Figure 5.4: Block diagram for solving the control design problem.
where Φ is a weighting factor that can be chosen to be less than 1.
Instead of using the track pro fi le f(k−K) of the previous track for control-
ling the error through the use of F(z), part of the f(k −K) information can
be used in its place for the same purpose . For example, some repeatable
components of f(k −K) which represents the written-in runout signal can be
used and gradually reduced in the writing process.
We can use the frequency domain properties of the PES signal to eval-
uate the performance of the self servowriting process. Figure 5.5 shows the
frequency spectrum of PES in adjacent tracks for the case of self-servowriting
without proper error containment algorithm used. There is a steady growth of
the frequency component of PES at a frequency approximately 15 times the
spindle frequency. It grows continuously until the process reaches a situation
where the non-circularity written in the track becomes too large and the loop
When the error containment algorithm is used, the error does not grow
steadily as shown in the Figure 5.5. The use of the compensator F(z)can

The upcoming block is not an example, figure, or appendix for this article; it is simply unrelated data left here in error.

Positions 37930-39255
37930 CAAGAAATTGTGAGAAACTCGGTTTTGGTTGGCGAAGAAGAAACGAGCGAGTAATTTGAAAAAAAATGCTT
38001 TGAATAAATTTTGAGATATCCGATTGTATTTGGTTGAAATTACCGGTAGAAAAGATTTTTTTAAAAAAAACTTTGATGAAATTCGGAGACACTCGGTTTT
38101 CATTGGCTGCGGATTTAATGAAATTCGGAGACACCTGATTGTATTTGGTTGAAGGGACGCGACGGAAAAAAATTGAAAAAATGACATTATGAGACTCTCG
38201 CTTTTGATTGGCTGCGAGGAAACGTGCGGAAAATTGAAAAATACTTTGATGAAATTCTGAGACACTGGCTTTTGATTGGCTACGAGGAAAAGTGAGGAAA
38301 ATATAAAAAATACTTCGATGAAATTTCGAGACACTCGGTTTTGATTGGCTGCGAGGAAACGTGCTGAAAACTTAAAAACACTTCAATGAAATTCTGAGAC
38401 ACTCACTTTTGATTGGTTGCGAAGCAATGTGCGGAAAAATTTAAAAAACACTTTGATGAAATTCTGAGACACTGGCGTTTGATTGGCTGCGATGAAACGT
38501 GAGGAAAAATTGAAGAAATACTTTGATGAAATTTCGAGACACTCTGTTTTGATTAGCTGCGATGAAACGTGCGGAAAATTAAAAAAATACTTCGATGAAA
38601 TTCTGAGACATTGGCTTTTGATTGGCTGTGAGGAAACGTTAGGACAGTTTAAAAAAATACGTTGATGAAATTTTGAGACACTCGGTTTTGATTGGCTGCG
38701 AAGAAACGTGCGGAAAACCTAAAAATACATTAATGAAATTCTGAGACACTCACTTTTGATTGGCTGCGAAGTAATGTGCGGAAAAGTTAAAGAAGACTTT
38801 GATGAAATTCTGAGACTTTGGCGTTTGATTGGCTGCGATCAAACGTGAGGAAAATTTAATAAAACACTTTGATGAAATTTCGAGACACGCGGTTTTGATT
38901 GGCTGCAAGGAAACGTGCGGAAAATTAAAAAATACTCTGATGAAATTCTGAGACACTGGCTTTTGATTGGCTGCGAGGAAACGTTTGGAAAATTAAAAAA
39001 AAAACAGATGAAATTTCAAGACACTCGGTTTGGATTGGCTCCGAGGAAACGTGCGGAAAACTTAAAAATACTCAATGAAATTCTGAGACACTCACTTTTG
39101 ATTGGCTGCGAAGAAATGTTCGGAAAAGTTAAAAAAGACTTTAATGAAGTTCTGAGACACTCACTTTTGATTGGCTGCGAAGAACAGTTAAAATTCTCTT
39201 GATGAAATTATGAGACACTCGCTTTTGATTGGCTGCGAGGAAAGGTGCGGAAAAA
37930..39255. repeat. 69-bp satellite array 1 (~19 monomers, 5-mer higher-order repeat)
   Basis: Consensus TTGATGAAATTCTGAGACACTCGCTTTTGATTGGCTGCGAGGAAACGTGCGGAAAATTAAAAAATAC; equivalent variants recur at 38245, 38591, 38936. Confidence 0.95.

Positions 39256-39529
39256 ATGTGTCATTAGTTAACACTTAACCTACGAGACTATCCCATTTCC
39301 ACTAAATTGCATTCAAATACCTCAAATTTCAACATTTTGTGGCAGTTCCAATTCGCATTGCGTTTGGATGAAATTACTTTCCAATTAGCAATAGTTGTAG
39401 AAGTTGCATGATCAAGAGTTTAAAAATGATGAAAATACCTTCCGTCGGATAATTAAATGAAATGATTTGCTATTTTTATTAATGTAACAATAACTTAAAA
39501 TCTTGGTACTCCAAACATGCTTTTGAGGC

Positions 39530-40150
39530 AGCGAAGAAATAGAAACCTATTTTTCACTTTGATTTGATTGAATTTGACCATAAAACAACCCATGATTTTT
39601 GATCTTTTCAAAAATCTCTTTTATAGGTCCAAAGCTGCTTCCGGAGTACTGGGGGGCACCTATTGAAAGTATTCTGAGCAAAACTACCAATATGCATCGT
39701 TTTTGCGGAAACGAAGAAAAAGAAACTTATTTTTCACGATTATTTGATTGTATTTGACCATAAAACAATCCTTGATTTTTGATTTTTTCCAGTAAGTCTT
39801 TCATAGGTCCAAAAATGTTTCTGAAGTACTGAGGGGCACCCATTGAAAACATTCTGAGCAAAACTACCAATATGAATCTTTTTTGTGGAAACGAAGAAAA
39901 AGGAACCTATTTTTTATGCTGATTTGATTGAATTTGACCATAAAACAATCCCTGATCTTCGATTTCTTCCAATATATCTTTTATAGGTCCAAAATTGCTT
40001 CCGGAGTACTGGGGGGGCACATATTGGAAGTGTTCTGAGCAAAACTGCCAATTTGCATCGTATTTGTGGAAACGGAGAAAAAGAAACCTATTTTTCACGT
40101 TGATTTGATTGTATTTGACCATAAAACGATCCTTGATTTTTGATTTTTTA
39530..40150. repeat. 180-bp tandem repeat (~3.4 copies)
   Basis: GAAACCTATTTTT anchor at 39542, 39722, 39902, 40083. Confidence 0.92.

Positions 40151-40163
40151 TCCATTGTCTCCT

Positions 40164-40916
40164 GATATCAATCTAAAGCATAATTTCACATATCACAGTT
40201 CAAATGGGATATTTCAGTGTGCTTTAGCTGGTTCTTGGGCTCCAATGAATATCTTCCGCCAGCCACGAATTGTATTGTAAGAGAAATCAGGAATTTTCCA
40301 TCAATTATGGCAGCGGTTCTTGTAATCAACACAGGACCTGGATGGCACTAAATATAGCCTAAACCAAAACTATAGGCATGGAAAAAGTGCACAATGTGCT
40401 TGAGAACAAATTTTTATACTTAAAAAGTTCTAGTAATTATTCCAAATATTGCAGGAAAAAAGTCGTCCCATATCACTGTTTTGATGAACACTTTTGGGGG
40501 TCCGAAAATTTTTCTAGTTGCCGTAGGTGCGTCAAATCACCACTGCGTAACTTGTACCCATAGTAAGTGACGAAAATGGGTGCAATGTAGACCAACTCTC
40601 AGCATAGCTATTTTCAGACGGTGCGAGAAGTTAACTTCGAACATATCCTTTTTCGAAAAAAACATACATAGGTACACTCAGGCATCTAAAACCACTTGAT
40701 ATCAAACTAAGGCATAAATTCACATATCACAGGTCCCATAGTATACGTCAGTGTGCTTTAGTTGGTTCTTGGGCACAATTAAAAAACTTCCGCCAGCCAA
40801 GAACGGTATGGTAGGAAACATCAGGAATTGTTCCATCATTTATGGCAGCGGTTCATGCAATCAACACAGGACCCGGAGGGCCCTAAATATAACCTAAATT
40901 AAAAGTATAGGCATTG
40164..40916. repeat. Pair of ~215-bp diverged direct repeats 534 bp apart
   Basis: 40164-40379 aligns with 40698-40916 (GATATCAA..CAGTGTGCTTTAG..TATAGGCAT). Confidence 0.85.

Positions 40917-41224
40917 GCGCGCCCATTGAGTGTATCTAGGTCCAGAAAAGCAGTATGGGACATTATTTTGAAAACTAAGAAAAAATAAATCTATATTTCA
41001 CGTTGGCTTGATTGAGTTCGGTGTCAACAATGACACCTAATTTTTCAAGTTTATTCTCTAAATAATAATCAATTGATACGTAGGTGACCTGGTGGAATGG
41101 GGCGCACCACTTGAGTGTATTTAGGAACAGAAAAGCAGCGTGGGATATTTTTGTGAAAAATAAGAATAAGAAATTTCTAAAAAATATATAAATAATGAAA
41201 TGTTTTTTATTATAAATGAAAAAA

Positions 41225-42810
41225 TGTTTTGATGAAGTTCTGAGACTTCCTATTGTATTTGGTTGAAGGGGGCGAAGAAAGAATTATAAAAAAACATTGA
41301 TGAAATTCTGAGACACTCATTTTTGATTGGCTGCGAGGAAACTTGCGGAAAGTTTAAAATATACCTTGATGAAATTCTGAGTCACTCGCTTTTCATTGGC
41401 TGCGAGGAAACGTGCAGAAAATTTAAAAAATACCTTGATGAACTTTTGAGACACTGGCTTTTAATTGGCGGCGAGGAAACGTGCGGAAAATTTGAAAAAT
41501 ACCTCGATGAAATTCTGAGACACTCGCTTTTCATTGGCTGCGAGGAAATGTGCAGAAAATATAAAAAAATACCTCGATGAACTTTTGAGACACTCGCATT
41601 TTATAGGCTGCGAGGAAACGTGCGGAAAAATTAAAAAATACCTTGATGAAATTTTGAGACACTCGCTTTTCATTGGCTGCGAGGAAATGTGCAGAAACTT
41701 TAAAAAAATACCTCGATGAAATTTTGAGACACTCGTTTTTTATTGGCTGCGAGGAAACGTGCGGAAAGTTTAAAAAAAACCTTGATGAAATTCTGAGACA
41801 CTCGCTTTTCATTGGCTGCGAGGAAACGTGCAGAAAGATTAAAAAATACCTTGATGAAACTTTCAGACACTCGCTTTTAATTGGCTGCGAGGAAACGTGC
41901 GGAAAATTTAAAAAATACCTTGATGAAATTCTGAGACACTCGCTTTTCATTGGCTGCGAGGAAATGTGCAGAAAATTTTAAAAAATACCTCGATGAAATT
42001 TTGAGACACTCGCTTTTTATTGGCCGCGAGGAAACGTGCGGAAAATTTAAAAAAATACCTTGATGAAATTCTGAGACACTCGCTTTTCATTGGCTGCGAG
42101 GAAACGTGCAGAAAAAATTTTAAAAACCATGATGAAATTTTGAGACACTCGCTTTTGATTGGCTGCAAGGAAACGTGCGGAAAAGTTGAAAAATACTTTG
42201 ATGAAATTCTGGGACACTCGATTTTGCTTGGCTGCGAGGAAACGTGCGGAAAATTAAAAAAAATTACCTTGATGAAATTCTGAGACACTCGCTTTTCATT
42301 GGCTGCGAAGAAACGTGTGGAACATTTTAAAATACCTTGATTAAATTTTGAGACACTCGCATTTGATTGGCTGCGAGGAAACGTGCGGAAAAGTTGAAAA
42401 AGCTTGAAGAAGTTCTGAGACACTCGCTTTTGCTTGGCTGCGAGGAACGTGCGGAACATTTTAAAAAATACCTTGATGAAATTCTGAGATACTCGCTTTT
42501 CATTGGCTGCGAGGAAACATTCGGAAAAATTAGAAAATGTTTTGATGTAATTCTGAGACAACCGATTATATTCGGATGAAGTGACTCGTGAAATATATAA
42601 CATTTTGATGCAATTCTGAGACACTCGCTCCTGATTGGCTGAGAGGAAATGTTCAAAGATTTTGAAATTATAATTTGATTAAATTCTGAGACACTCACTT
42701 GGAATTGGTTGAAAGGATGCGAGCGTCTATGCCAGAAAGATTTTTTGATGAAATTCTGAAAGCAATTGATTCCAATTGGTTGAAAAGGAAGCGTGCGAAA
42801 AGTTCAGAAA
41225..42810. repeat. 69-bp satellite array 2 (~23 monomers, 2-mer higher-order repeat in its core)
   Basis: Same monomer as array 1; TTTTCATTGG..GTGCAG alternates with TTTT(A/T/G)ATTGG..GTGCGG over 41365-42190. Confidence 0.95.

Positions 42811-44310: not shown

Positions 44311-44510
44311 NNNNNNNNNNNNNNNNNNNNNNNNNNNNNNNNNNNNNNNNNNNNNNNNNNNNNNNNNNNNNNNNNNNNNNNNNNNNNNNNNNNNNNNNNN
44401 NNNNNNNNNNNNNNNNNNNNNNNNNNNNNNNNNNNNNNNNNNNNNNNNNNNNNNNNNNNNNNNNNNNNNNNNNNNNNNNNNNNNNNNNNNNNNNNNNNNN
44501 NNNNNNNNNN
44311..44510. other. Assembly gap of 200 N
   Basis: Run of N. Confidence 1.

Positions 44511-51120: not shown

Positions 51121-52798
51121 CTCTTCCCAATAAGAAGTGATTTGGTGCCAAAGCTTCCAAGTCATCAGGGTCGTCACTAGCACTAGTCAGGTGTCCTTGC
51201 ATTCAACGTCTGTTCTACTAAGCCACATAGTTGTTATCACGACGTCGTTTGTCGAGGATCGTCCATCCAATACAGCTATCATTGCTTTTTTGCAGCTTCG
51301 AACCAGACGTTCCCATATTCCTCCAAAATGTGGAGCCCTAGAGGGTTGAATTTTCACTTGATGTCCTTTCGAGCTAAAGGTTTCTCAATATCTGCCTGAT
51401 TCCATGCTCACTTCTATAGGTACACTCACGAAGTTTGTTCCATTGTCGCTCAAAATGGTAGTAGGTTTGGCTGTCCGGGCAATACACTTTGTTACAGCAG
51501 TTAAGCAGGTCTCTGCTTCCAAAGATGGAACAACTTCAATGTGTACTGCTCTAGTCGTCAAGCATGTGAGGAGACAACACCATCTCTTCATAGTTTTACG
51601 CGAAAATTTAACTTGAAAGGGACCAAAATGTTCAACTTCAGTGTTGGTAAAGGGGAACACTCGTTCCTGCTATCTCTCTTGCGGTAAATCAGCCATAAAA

effectively stop the error amplitude from growing and allows more tracks to be
propagated using the self-servowriting process.
5.4.3 Clock Propagation
Accurate reference of tangential displacement is essential for writing the mag-
netic transitions of the new track aligned with the transitions of the previous
track, i.e., the reference track. This is achieved with the help of a phase lock
loop (PLL) that generates a clock signal precisely locked to the timing marks
sensed from the reference track. The performance of the PLL is adversely af-
fected by the noise entering the loop, and the generated clock does not remain
perfectly in phase with the readback signal sensed from the reference track.